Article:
• Elders remember Gayle Woodford as a kind and dedicated nurse and don't want her killer allowed to "return to country." (AAP)Source: AAP
The "callous" and "cold-blooded" killer of beloved outback nurse Gayle Woodford has been jailed for at least 32 years.
8 Jun 2017 - 2:02 PM  UPDATED 8 Jun 2017 - 2:09 PM

Dudley Davey, 35, pleaded guilty to both the rape and murder of the 56-year-old, who was found buried in a shallow grave three days after she went missing from her home in Fregon, in SA's north, in March last year.

South Australian Supreme Court Justice Ann Vanstone jailed Davey for life on Thursday and set a non-parole period of 32 years.

"This was a cold-blooded killing of a woman who had worked with skill and compassion in your community," the judge told Davey.

“Dudley Davey should never ever be let out of jail for the shocking crime he committed."

Justice Vanstone said the drug addict and serial offender had chosen Mrs Woodford as an "easy target, vulnerable because of her empathy".

She said Davey's offending was "callous in the extreme" and at the higher end of the scale for the crimes of rape and murder.

Outside court, Mrs Woodford's husband Keith said he hoped Davey would never be paroled.

“Dudley Davey should never ever be let out of jail for the shocking crime he committed," Mr Woodford said.

"We will always mourn Gayle but so many people have helped us to cope with the tragedy of her death."

Elders don’t want killer to "return to country"

The sentence comes after Aboriginal elders told the South Australian Supreme Court that Davey will never be allowed back on to the APY Lands.

In a victim impact statement delivered on behalf of all people on the state's Anangu Pitjantjatjara Yankunytjatjara lands, Ms Woodford's death was described as one of the biggest losses suffered by the local community in living memory.

"A dark cloud covered Fregon since the day Gayle's body was discovered in a shallow grave," Elders said.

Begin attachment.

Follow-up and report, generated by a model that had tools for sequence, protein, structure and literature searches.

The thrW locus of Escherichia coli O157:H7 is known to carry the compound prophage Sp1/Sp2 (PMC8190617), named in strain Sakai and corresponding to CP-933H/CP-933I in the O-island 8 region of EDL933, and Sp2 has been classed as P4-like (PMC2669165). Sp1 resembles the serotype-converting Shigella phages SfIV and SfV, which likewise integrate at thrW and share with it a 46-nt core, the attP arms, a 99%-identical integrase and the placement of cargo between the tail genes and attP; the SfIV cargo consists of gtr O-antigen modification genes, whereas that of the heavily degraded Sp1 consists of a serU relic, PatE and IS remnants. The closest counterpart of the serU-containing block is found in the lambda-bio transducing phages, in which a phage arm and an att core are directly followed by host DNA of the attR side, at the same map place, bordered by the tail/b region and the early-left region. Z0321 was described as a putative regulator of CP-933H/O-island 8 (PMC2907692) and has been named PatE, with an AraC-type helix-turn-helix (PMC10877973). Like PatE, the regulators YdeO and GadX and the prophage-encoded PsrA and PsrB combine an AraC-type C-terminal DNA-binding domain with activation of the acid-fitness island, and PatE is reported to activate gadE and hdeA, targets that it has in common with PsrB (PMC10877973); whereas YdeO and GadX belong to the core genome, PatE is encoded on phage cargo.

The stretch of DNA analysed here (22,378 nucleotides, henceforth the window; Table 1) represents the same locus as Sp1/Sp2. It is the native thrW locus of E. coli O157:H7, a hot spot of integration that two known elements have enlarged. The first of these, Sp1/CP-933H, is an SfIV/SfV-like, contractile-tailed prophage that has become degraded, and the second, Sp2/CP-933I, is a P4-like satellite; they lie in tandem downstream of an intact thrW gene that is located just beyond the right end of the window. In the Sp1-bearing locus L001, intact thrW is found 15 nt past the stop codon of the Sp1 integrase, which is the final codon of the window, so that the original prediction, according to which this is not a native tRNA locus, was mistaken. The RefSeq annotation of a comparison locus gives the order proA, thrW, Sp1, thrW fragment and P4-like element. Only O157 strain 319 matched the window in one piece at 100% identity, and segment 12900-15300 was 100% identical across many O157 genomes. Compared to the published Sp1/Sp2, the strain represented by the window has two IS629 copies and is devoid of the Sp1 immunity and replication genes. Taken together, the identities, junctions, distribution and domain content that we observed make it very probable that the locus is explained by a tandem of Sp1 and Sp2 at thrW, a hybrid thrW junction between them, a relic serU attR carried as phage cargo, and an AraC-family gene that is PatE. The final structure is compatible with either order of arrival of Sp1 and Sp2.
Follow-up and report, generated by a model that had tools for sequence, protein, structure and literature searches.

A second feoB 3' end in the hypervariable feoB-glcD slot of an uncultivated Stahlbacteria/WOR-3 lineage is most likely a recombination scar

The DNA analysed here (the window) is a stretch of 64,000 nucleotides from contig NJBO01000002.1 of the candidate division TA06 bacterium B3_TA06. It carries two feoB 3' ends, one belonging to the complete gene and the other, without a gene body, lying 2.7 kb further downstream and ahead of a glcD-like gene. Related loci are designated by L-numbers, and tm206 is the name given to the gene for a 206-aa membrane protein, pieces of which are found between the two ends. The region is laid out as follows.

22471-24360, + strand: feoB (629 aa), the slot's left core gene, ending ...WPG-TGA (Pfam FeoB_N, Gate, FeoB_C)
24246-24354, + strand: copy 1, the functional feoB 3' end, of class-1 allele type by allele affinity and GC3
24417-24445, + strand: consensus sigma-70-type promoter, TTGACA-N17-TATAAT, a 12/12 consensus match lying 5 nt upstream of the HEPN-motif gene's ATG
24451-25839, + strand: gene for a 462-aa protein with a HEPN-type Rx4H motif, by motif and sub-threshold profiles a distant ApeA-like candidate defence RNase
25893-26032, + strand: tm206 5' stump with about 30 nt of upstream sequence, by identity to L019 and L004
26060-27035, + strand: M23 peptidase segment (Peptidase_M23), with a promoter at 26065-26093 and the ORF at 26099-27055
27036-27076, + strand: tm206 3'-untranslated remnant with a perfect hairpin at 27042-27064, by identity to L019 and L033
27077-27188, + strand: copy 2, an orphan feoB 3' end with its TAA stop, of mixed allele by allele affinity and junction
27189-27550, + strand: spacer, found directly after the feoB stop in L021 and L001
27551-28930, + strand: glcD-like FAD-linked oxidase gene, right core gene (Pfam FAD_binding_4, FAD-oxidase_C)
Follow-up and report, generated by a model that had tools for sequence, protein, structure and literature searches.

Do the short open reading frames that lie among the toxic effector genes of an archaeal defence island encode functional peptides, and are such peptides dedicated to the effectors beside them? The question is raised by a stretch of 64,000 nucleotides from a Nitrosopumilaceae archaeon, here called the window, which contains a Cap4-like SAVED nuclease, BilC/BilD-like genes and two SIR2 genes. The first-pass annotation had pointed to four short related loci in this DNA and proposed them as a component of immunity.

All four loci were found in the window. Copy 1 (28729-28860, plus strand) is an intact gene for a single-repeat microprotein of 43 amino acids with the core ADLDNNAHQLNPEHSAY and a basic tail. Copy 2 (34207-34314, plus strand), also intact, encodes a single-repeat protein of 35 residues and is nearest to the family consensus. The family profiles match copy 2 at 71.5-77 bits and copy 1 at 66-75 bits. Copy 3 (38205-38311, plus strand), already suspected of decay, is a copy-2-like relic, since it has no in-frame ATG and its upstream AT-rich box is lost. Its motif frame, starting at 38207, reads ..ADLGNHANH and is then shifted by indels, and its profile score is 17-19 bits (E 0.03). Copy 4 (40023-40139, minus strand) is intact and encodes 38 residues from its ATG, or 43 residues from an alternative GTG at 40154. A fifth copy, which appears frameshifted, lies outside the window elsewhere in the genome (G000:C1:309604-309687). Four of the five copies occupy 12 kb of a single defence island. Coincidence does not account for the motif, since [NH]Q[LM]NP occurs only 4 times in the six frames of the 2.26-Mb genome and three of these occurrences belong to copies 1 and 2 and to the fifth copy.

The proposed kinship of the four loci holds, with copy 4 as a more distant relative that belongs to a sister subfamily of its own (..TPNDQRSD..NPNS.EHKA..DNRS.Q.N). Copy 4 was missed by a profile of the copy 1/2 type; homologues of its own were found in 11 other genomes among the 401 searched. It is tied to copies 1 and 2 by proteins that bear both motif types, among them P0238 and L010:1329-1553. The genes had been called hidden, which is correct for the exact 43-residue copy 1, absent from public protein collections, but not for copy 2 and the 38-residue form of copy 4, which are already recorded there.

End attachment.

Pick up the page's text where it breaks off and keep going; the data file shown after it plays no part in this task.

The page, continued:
"Such dark cloud has cast a shadow since then. Only a few have found a glimmer of light."

Elders said Gayle was one of the warmest people to ever work in Fregon.

"Gayle was not scared of the Aboriginal people. She treated the able and the disabled, the frail and unwell, the educated and the uneducated, the employed and the unemployed, justly and fairly," Elders said. 

"Gayle was a kind and dedicated nurse who truly nursed as nursing should be done.

Community leaders have also told the court that Davey, who has a long history of offending, would never be welcome in the APY lands again.

"He is not welcome, ever." 

They said he should never be allowed to "return to country" upon his release from prison.

"He is not welcome, ever," they said.

Justice Vanstone said Davey had gone to Mrs Woodford's home in Fregon with the intention of enticing her outside so he could rape her and "that's what you did".

She said he then decided to kill her in the hope of covering up the rape and theft of the ambulance Mrs Woodford used in her work at the Fregon health clinic.

A post-mortem examination found that the much-loved nurse suffered multiple wounds, including blunt force trauma to the brain, and the final blows Davey inflicted were to stomp twice on the back of her neck.

Mrs Woodford had lived and worked in Fregon for five years, and community leaders told the court that Davey would never be welcome back on SA's indigenous lands.


Gayle Woodford death: Every nurse deserves to feel safe, says Aboriginal remote area nurse
What happened to Gayle [Woodford] this week is all of our greatest fears, writes Remote Area Nurse Laura McGoldrick.